I hope it continues for her. It isnt on the free list in Australia so she is paying for the treatment. Well Health care is paying for 2 thirds of it.

There are many more that wish to follow her in Australia so they are watching her results. Its not a trial its being used as it is a treatment for melanoma where it has had great success, so as a last result you can go private. I dont know if you can do the same here but it is something worth looking at.

A great report here —–

The next time someone tells you that cancer drug approval is always slow, arduous, and met by huge regulatory snafus, consider this: Merck ’s Keytruda was approved by the U.S. Food and Drug Administration just three-and-a-half years after the first doses of the medicine were given to patients in clinical trials.

The rapid approval, which allowed Keytruda, also known as pembrolizumab, to leapfrog a similar drug from Bristol-Myers Squibb BMY +0.4%, is a triumph for research head Roger Perlmutter, who arrived at Merck 18 months ago and has significantly improved the company’s record of getting drugs through the FDA.

Perlmutter says Keytruda caught his attention instantly. “I’d just never seen anything like it. And fairly quickly I said to people, “You know, any one of you that’s working on a project, if you want to spend a dollar on that project, you’re going to have to explain to me why I shouldn’t be spending it on pembrolizumab. Because to me, that’s the most important thing that we can do and that will have the biggest benefit for patients.”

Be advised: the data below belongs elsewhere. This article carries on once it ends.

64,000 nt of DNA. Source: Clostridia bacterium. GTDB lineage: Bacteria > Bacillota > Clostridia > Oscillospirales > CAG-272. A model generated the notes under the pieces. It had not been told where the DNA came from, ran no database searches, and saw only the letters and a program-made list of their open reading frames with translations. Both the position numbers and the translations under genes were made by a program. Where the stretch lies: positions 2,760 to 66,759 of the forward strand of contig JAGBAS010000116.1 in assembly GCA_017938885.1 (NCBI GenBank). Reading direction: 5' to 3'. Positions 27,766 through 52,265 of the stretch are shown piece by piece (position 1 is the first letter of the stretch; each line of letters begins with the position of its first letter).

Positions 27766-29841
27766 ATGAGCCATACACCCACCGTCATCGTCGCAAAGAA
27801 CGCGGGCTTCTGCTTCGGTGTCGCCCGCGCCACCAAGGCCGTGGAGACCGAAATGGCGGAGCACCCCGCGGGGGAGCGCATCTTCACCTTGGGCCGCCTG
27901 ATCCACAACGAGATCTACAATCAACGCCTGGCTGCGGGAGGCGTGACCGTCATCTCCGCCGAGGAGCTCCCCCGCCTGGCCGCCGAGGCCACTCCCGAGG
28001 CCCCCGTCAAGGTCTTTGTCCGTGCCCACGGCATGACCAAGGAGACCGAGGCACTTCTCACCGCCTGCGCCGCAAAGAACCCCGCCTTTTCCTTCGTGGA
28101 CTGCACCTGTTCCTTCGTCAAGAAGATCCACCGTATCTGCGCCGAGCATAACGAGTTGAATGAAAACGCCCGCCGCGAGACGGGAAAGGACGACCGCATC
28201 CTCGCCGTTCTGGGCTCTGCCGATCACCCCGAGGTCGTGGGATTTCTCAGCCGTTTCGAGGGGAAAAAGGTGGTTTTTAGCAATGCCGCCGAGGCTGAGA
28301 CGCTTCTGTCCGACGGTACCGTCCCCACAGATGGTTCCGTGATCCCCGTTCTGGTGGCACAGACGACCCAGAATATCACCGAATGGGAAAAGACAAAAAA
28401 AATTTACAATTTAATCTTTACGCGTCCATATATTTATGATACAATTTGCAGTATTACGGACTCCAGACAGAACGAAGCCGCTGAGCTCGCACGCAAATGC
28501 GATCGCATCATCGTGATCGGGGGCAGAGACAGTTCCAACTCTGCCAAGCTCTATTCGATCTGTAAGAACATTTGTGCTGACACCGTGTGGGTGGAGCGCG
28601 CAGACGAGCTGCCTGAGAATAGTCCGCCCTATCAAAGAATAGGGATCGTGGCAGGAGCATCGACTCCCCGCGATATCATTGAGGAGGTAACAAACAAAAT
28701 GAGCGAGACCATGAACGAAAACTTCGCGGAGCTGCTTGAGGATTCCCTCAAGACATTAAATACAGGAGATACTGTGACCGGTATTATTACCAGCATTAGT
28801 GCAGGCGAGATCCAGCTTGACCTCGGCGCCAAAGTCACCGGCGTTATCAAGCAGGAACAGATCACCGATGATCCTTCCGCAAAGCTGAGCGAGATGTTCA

Instead of advancing the drug to larger studies, Perlmutter expanded the drug’s existing phase I trial , which lacked a control group of patients getting other treatments, to 3,500 patients with a variety of different cancers. The approval was based on 173 patients with advanced melanoma who had been failed by all available treatments. For 41 of them, their tumors shrank, an effect that has lasted anywhere from 1.4 months to 8.5 months. For most of the patients who responded, the tumor shrinkage has persisted.

The approval was also sped, Perlmutter says, by the FDA’s new “breakthrough designation,” which allowed Merck to be in weekly contact with the reviewers who evaluated not only Keytruda’s safety and efficacy but also Merck’s manufacturing processes.

With both Keytruda and another drug, the sleeping pill Belsomra that was approved in August, Perlmutter has been able to get medicines to market faster than analysts on Wall Street expected, smoothing over issues with the FDA and moving quickly. But the question remains of how much revenue these products can actually generate.

For Keytruda, that’s because the drug is only approved for patients with melanoma that has spread who have not been helped by other available medicines. And, thanks to a burst of new drug approvals, there are a lot of them. Five other new melanoma drugs have been approved since the beginning of 2011.

Ten thousand patients in the U.S. develop metastatic melanoma every year. Half of their tumors have a mutation in a gene called BRAF, which means that they are likely to have their tumors shrunk by drugs that target it: Zelboraf, from Roche and Daiichi Sankyo , or a two-drug combination made by GlaxoSmithKline. The other half move on to Yervoy. After the BRAF drugs fail, which they eventually do, they move onto Yervoy, too.

Only after patients have taken Yervoy will they get Keytruda, which works by knocking out a protein called PD-1 cancer cells hijack to hide from the immune system. Even at Merck’s price of $12,500 per patient per month, that is at most a $140 million market opportunity, according to Seamus Fernandez at Leerink.

Bristol-Myers Squibb’s similar drug, Opdivo, is expected to be approved early next year. More importantly, Opdivo could be approved to be used before Yervoy or with Yervoy, meaning it would leapfrog Merck’s entrant.

One big controversy that has surrounded PD-1 blockers is whether some very sick patients should get them before they have been approved. Some patient advocates say that patients should be allowed to try risky but promising medicines because they have little hope. Perlmutter is a defender of the current system.

He says: